Absurdly Driven looks at the world of business with a skeptical eye and a firmly rooted tongue in cheek. 

Airlines want you to be loyal.

They also want you to pay more and more every time you fly.

In recent times, the classic device has been the nickel-and-dime

Things that used to be free now cost quite a lot. Why, I've seen economy seats for sale for $100 or more.

It's a wonderful way to make you feel you're getting a good deal and then sliding that good deal out from under you.

Another fine sleight of handsome accounting has been the creation of Basic Economy.

This attempts to make your Economy seat sound quite inexpensive. 

Really, it's a way to make you loathe all the restrictions that come with the price so much that you'll pay more for a regular Economy seat. 

Some airlines have friendlier Basic Economy restrictions than others. 

United's is the worst. It doesn't even allow Basic Economy passengers to use the overhead bins. For free, at least.

So there you are, with no ability to upgrade, you're the last to board, you get the worst seat on the plane and changes to your itinerary aren't allowed.

What's not to adore?

American tried to be just as mean, but last year began to relax the carry-on rules.

Now it's experimenting with another relaxation. 

I wonder, however, how relaxed this will leave some passengers. In the end, that is.

As View From The Wing's Gary Leff reports, American is now, on short-haul flights, allowing Basic Economy passengers to reserve seats at the time of booking.

Some passengers -- perhaps those driven by corporate rules to buying Basic Economy seats -- might offer a grunt of joy. 

There's little worse than beginning a business trip by waiting to find out precisely which awful middle seat the airline will give you.

Will it be right at the back? Or at least one row from the back? And wait, you have a connection and the flight's already delayed?

This way at least, Basic Economy passengers might -- in theory -- be able to reserve appreciably better seats.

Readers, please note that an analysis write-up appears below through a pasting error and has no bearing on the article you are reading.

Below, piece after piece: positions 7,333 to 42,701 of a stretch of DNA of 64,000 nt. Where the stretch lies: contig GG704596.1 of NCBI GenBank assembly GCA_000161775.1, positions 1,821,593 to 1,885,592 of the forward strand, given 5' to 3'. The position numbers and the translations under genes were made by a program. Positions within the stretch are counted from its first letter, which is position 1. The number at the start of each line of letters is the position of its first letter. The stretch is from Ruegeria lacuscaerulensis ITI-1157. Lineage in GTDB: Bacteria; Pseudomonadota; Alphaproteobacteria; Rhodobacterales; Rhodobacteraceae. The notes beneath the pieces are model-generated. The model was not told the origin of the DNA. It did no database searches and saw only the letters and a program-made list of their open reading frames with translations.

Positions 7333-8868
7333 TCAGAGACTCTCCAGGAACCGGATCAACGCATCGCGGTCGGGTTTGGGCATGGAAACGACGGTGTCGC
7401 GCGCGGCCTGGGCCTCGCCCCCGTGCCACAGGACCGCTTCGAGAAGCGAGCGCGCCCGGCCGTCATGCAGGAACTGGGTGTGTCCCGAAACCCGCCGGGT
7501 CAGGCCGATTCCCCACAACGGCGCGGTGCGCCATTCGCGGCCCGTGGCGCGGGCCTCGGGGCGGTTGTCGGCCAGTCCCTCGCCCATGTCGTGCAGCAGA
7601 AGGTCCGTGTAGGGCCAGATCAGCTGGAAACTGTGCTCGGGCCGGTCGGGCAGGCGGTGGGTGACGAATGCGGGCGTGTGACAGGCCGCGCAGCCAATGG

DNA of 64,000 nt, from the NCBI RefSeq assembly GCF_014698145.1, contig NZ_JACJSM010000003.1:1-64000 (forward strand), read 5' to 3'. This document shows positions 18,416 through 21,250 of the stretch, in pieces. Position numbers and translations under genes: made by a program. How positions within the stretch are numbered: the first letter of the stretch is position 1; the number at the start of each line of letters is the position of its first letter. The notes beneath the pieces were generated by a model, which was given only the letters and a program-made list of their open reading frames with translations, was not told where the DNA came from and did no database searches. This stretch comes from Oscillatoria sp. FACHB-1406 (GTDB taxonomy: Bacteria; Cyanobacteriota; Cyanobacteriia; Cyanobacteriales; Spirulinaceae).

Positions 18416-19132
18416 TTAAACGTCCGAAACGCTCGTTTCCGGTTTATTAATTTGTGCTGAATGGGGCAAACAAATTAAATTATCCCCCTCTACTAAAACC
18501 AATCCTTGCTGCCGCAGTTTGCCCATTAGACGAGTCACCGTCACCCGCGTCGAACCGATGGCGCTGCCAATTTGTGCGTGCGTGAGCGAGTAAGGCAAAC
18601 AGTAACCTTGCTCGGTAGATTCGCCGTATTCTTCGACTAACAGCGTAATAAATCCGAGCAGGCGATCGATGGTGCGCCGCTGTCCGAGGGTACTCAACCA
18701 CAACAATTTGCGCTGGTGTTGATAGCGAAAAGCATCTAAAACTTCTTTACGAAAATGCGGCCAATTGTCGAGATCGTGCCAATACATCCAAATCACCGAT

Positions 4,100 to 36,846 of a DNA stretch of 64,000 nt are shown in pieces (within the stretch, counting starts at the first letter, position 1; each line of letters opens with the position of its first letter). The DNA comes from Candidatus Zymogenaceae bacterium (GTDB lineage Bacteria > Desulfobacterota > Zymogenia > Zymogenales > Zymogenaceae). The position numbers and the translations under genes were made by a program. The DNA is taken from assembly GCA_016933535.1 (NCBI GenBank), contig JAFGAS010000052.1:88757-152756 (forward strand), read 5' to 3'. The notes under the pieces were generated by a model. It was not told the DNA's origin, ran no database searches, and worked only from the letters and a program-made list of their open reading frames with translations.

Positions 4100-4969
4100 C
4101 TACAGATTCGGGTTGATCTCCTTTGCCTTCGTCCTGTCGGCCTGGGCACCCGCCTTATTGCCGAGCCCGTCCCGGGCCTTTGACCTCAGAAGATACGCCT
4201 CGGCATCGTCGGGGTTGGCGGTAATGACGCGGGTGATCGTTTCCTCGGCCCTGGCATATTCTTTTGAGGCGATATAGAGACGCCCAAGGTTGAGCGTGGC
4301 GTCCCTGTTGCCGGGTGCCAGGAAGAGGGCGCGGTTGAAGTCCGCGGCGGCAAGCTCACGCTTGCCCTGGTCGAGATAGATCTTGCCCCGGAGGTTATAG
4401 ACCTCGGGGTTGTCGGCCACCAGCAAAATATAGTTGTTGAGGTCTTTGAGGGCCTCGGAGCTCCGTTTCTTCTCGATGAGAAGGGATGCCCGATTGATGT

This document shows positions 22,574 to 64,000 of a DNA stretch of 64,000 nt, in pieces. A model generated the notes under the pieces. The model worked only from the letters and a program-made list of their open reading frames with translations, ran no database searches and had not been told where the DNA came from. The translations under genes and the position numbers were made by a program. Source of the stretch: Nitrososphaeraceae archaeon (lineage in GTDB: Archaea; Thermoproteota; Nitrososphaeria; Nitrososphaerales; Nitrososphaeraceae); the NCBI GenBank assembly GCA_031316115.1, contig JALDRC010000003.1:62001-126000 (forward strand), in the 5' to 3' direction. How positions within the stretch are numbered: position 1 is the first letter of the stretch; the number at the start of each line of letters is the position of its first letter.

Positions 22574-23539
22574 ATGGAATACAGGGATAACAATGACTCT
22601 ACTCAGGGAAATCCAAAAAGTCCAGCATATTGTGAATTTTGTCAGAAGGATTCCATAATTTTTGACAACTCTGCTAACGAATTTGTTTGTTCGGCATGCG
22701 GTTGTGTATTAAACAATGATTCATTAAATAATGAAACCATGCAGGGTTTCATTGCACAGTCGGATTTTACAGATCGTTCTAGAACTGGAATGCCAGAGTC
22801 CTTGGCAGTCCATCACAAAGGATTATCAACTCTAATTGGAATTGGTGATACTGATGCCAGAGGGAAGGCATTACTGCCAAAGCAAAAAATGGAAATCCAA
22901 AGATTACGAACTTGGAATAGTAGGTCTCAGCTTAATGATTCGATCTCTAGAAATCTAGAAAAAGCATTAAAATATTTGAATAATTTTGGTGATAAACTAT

And when I say reserve, I mean buy.

Please imagine, then, the near future this presages. 

While the least attractive seats on the plane can often still come for free, soon every single seat will have a price. An additional price.

Which means that American -- and other airlines, of course -- will try even harder to see just how much money it can squeeze out of passengers and at what point.

Currently, you see, Basic Economy passengers don't pay for the most dreadful seat on the plane.

What if, in a very short time, even that seat will be, say, $15? Or no, let's call it $20.

Or how about this? Let's call it the Mystery Seat and charge $25. Or, who knows, $40.

All this would, naturally, drive up the price of other, better seats to even greater heights of fancy. 

Fancy a nice window seat for $125? Oh, go on. That price won't be here for long, you know. And look, the worst seat on the plane now costs $35, so this is a really good deal.

It would also drive up the ire-poised tension you feel every time you have to book a flight.

So many airline moves revolve around what (the airline thinks) passengers will tolerate.

Can we get seat pitch down to the length of the average thigh? Can we get passengers to pay for an overhead bin? Can we charge at least a small fee for, say, water?

In essence, then, when you book your Basic Economy flight on American you'll have to make a more and more convoluted calculation about the price that works for you.

Slightly more important to the airline, of course, is the price that works for it.